Infants who are delivered through Cesarean section are twice as likely to become obese by the age of three as those delivered vaginally, researchers warned.
Researchers said that giving birth via C-section might affect the composition of bacteria in the infant's gut, which in turn affects the way food is digested.
The study, published Wednesday in the Archives of Disease in Childhood, was based on 1,255 mother and child pairs who had attended eight outpatient maternity services in eastern Massachusetts, USA between 1999 and 2002.
The mothers had joined the study before 22 weeks of pregnancy and their babies were measured and weighed at birth, at six months, and then at the age of three.
Out of all the deliveries about 23 percent were delivered via C-section and the rest were vaginal deliveries.
The findings suggest that there is a link between body mass, skin thickness and how a child was delivered.
Researchers found that mothers who delivered by C-section tended to weigh more than those delivering traditionally, and the babies who were delivered via Cesarean also tended to have higher birth weights.
Researchers analyzed the infants' body mass index using a skin-fold test when the children were 3 years old and found that 15.7 percent of the babies delivered by C-section were obese compared to 7.5 percent of those delivered vaginally.
They noted that children delivered by C-section were also on average heavier and had more body fat.
Researchers had accounted for variables such as the mother's weight, babies' size and length of time mother breastfed their babies.
They found that mothers who delivered by C-section tended to weigh more than those delivering traditionally, and the babies who were delivered via Cesarean also tended to have higher birth weights. Mothers who had C-sections also didn't breastfeed their babies as long as mothers who gave a traditional birth.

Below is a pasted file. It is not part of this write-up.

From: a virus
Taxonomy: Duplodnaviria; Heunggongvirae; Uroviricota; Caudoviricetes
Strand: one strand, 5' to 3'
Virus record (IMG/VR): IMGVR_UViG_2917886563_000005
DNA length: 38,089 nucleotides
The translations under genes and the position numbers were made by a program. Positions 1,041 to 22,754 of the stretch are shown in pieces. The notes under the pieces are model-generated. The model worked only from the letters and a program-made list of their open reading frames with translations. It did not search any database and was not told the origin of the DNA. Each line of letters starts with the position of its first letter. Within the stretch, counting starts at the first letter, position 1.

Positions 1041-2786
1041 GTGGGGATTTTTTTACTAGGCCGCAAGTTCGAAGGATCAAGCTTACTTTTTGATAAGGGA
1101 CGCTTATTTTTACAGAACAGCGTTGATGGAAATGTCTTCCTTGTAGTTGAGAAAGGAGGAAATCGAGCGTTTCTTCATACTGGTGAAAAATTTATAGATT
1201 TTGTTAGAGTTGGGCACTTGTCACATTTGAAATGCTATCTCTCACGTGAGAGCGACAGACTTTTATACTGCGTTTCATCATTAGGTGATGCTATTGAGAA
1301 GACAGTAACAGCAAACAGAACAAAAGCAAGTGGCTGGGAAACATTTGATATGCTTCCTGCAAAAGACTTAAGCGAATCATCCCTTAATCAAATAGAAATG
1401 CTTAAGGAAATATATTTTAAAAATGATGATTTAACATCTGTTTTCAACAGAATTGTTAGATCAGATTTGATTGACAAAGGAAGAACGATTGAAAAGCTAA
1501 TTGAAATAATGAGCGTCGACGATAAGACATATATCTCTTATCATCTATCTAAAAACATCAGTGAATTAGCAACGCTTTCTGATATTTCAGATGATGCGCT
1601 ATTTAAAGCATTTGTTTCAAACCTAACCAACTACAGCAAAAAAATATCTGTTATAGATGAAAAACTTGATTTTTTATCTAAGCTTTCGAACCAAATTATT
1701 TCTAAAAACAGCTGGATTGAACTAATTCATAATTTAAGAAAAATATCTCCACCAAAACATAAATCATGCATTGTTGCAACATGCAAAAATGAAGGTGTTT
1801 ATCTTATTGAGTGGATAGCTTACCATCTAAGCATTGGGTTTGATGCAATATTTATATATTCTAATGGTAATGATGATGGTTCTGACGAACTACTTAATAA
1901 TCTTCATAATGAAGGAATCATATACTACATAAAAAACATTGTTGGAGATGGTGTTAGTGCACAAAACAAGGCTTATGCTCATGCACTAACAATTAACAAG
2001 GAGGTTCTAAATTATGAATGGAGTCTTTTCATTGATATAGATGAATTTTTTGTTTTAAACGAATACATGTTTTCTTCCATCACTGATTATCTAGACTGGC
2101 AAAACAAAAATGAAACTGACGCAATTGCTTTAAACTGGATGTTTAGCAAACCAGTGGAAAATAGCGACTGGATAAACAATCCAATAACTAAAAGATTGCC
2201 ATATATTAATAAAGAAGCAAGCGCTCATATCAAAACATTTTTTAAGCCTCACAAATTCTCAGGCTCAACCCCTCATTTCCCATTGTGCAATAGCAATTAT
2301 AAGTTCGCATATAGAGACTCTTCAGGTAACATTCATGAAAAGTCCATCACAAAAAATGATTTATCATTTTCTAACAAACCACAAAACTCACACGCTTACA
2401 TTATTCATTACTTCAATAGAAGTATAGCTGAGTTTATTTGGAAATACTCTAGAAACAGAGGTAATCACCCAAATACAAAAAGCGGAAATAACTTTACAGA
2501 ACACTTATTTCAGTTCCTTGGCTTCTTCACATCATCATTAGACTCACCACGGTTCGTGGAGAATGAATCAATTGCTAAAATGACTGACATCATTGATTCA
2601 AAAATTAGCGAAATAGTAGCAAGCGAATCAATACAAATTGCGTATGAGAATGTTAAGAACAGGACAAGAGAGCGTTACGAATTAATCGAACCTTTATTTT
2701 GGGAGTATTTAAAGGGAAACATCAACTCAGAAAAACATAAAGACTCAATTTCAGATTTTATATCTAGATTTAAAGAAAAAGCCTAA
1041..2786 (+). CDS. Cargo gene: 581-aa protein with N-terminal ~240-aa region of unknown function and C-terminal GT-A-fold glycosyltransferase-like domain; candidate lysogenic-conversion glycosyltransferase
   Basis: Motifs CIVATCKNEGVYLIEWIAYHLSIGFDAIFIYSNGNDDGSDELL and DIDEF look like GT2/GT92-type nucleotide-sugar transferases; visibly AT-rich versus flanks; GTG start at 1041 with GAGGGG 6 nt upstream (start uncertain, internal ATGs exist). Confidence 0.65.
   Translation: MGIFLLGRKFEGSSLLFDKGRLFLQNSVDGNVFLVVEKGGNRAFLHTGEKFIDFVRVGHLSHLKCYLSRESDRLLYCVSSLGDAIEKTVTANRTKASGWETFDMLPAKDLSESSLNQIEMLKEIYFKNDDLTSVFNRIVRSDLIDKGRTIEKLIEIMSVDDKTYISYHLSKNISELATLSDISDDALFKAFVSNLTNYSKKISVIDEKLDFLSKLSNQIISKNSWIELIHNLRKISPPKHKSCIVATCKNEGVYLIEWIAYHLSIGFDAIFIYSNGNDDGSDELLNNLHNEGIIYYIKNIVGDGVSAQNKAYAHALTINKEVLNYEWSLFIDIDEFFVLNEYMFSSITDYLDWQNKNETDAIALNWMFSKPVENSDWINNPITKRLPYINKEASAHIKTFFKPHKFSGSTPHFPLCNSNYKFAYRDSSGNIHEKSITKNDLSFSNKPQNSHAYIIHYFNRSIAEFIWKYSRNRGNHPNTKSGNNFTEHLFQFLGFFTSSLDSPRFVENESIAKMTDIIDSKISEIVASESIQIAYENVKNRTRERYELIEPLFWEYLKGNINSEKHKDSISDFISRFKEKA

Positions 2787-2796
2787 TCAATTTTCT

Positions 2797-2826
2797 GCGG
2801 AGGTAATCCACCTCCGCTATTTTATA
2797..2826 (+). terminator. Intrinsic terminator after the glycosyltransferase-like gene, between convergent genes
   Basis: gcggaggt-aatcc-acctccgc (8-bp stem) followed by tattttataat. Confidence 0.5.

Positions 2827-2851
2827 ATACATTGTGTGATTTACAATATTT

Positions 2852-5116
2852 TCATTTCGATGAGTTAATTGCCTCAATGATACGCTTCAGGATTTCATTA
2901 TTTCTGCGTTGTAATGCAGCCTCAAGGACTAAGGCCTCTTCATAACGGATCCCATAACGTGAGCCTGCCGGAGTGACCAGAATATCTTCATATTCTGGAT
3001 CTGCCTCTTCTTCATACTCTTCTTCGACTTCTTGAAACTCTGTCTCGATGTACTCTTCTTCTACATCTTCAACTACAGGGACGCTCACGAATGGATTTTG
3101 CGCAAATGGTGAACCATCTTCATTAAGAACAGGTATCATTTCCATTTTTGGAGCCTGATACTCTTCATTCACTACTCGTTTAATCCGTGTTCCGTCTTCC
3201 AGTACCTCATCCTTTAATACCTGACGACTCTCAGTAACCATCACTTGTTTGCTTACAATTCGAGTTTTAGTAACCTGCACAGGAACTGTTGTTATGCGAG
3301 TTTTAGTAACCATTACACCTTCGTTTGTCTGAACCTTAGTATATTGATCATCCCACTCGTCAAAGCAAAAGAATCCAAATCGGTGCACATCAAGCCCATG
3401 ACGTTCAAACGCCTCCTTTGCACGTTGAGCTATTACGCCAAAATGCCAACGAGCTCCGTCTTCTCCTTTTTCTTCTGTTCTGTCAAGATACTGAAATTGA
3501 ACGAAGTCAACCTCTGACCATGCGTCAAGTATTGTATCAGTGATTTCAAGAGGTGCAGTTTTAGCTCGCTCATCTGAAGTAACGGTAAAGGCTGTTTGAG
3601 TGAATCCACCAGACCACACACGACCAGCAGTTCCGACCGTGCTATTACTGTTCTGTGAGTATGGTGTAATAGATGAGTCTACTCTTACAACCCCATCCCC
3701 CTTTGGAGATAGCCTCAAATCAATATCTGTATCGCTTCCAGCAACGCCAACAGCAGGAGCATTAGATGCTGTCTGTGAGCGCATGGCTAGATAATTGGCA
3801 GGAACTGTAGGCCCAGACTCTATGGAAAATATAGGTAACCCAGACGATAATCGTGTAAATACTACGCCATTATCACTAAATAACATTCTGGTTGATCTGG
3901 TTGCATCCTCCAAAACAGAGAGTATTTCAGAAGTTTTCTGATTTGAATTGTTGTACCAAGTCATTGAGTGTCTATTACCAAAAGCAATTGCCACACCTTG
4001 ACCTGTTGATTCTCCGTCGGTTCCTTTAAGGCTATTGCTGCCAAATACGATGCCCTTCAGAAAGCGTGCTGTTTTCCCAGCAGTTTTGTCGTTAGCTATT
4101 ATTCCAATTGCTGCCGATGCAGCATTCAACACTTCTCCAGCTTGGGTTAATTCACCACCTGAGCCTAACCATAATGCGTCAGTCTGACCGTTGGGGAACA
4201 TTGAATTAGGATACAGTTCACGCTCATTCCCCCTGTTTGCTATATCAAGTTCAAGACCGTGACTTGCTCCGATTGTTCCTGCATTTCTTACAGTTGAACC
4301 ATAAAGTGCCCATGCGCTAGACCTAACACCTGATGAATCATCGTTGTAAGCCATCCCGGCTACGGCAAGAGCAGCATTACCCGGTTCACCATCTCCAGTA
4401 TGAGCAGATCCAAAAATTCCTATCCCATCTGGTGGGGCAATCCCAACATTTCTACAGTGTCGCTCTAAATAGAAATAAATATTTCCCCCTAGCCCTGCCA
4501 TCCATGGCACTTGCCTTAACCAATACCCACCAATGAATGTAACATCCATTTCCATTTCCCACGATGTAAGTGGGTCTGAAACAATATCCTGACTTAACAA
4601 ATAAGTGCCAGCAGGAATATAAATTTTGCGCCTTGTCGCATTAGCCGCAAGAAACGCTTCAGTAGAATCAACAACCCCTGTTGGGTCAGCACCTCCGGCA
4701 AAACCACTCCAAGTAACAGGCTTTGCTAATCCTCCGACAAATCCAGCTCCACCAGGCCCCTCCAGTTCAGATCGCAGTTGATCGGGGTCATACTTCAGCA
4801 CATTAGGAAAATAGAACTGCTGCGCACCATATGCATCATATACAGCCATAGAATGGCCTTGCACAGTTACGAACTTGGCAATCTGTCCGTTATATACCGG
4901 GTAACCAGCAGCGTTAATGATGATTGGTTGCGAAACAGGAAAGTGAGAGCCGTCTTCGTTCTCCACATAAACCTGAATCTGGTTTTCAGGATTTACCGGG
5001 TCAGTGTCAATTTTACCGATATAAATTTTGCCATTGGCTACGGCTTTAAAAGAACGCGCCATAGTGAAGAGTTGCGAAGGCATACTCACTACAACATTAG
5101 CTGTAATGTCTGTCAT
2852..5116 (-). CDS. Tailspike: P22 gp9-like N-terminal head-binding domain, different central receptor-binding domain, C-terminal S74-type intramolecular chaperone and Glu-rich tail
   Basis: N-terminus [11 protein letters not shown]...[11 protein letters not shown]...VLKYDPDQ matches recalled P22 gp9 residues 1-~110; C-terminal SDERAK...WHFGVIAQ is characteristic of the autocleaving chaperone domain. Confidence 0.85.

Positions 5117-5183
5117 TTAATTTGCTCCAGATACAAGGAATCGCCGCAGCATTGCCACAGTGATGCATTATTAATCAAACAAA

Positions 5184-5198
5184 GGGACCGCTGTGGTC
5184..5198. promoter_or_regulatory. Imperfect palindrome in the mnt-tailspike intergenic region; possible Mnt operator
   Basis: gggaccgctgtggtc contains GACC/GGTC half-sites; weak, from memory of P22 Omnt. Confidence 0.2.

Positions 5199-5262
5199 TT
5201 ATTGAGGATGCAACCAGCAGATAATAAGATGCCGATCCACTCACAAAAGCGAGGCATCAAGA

Researchers also found that babies born via C-section also have higher numbers of Firmicutes bacteria and lower numbers of Bacteroides bacteria in their guts. They suggested that C-sections might change the way babies are exposed to and obtain colonies of key gut flora from their mothers during birth.
Previous studies have also found that obese people have higher levels of Firmicutes bacteria, and that the gut bacteria may be influencing the development of by taking more energy from a person's diet, and by stimulating cells to boost insulin resistance, inflammation, and fat deposits.
"An association between caesarean birth and increased risk of childhood obesity would provide an important rationale to avoid non-medically indicated caesarean section," write the authors.
Women who are considering a C-section as an alternative to natural birth in the absence of a medical indication should be warned of the potential health risks to their babies, including having a higher risk of obesity, researchers concluded.
In 2007, 32 percent of births in the U.S. were by C-section, which had gone up 20.7 percent in 1996, according to the latest statistics from the U.S. Centers for Disease Control, and an estimated 4 percent to 818 percent of C-section deliveries were done by “maternal request,” not because they are recommended by the doctor, researchers noted.